Physics 104 - How Things Work- Summer, 2002

Greg Sullivan
Links to Course Information
Course Policies
Course Goals

    Physics 104  is based on a similar course that was developed and taught at the University of Virginia by Louis Bloomfield, whose book we are using. Much of the material in this course description was taken (with permission) from the UVA course. There will be some differences between our course and theirs. We have a smaller class which allows us to do things in a more personal manner.

    You may have chosen this course as part of your CORE Liberal Arts and Sciences Studies Program, the general education portion of your degree program. CORE Distributive Studies courses are designed to ensure that you will take a look at several different academic disciplines and the way they create and analyze knowledge about the world. A faculty and student committee approved this CORE Distributive Studies course because it will introduce you to ideas and issues that are central to a major intellectual discipline and because it promises to involve you actively in the learning process. Please take advantage of the opportunities this course offers you.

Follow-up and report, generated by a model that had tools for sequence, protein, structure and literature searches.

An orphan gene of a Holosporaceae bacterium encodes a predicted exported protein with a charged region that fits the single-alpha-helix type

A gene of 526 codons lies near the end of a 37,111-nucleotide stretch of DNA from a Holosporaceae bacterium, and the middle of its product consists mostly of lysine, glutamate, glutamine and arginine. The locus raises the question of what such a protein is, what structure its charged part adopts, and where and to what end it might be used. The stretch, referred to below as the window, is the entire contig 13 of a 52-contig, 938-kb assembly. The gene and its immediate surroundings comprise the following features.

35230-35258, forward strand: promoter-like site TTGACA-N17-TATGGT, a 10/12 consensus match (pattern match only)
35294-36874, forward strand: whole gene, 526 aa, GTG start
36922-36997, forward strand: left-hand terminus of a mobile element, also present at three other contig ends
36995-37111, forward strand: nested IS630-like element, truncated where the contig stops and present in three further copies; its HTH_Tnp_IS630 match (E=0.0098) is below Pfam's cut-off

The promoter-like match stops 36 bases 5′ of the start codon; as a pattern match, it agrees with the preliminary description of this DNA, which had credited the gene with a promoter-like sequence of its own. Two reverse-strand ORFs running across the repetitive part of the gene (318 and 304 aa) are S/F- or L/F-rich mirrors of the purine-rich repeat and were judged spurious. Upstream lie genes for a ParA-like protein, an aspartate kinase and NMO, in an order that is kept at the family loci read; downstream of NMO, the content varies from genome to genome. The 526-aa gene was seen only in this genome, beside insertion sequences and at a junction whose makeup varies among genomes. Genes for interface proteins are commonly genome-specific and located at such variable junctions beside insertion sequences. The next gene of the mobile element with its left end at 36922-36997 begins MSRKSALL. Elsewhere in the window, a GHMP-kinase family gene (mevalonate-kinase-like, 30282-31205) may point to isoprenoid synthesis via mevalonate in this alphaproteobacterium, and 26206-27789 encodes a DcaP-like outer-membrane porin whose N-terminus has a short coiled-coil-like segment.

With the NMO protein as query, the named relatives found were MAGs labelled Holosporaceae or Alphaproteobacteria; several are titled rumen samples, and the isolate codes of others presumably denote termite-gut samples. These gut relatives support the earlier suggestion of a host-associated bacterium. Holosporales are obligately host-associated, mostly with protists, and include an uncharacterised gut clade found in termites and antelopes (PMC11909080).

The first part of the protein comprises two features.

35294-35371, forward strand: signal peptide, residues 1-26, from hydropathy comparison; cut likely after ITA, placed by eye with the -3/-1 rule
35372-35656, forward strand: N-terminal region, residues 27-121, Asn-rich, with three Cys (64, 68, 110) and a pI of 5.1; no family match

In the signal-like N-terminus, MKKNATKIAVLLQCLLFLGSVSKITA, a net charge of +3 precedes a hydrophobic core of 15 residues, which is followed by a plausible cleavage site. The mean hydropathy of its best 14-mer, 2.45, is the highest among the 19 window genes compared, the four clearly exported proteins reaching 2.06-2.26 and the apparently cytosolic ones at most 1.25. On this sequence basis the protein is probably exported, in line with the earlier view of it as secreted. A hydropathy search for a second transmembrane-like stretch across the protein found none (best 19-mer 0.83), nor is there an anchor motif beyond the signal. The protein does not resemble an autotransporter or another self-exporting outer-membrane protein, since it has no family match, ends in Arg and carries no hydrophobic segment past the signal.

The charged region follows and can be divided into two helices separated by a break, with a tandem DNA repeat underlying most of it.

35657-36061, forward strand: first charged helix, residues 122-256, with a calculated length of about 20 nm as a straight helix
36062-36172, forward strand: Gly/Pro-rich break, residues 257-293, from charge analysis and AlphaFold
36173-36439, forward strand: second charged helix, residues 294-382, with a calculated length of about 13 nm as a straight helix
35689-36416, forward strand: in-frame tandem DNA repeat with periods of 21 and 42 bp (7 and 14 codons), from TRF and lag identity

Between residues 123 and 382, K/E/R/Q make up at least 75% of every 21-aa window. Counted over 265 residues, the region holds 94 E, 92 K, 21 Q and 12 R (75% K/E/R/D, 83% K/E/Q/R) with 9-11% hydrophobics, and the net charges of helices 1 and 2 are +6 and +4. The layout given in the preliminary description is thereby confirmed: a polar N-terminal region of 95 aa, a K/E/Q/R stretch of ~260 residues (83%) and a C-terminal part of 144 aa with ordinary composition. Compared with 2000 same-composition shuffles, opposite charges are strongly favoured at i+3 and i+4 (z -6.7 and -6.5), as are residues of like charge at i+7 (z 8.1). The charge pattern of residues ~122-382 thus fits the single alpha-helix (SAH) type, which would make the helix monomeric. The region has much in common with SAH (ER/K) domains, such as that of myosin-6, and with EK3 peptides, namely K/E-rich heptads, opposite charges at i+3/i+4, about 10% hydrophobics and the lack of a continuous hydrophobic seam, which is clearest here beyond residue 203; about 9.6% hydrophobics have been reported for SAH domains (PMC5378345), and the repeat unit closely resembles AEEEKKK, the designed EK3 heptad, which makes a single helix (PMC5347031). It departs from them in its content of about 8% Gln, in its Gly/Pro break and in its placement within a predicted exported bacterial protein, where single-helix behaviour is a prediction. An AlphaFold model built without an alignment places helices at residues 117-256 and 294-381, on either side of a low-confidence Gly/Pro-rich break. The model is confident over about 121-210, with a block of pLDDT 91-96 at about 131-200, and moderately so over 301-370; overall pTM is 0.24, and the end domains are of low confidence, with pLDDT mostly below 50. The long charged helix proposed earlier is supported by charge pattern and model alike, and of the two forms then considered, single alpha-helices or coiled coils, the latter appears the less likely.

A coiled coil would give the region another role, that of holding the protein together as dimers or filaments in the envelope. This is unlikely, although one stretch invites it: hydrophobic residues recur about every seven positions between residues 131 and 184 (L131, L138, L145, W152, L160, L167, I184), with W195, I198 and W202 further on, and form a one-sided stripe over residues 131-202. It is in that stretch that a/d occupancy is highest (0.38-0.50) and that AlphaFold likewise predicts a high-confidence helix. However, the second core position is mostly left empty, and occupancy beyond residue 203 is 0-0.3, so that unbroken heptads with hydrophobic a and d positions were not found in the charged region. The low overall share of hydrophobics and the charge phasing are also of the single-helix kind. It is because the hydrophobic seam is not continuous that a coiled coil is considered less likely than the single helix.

Course Description
    The class meets Monday - Friday from 9:30-10:50 in room 1410 of the Physics Building.  While the setting and the acoustics leave some things to be desired, we are very near the world's best lecture demonstration facility which we will use liberally during the semester.
Because this class meets for 80 minutes, we have more time in each class to do demonstrations and have discussions. This will be an important part of the course and missing even a single class will put you at a serious disadvantage.

    The purpose of this course is to show you the scientific basis of how objects work in the world around you. I have picked a list of topics that hopefully you will find interesting. There will be many opportunities to ask about things that we don't cover both in class and through E-mail.

    The course grade will be determined by the following:
Homework 10%
First Hour Exam  45%
Final Exam 45%

    Homework will be given regularly throughout the course. It will be collected and graded. Homework is actually worth more than the 10% of the grade that it counts for, as it will help you clarify your understanding of the material, point out areas of weakness and help you prepare for the exams. Only rarely will a student do well in the course without carefully doing the homework.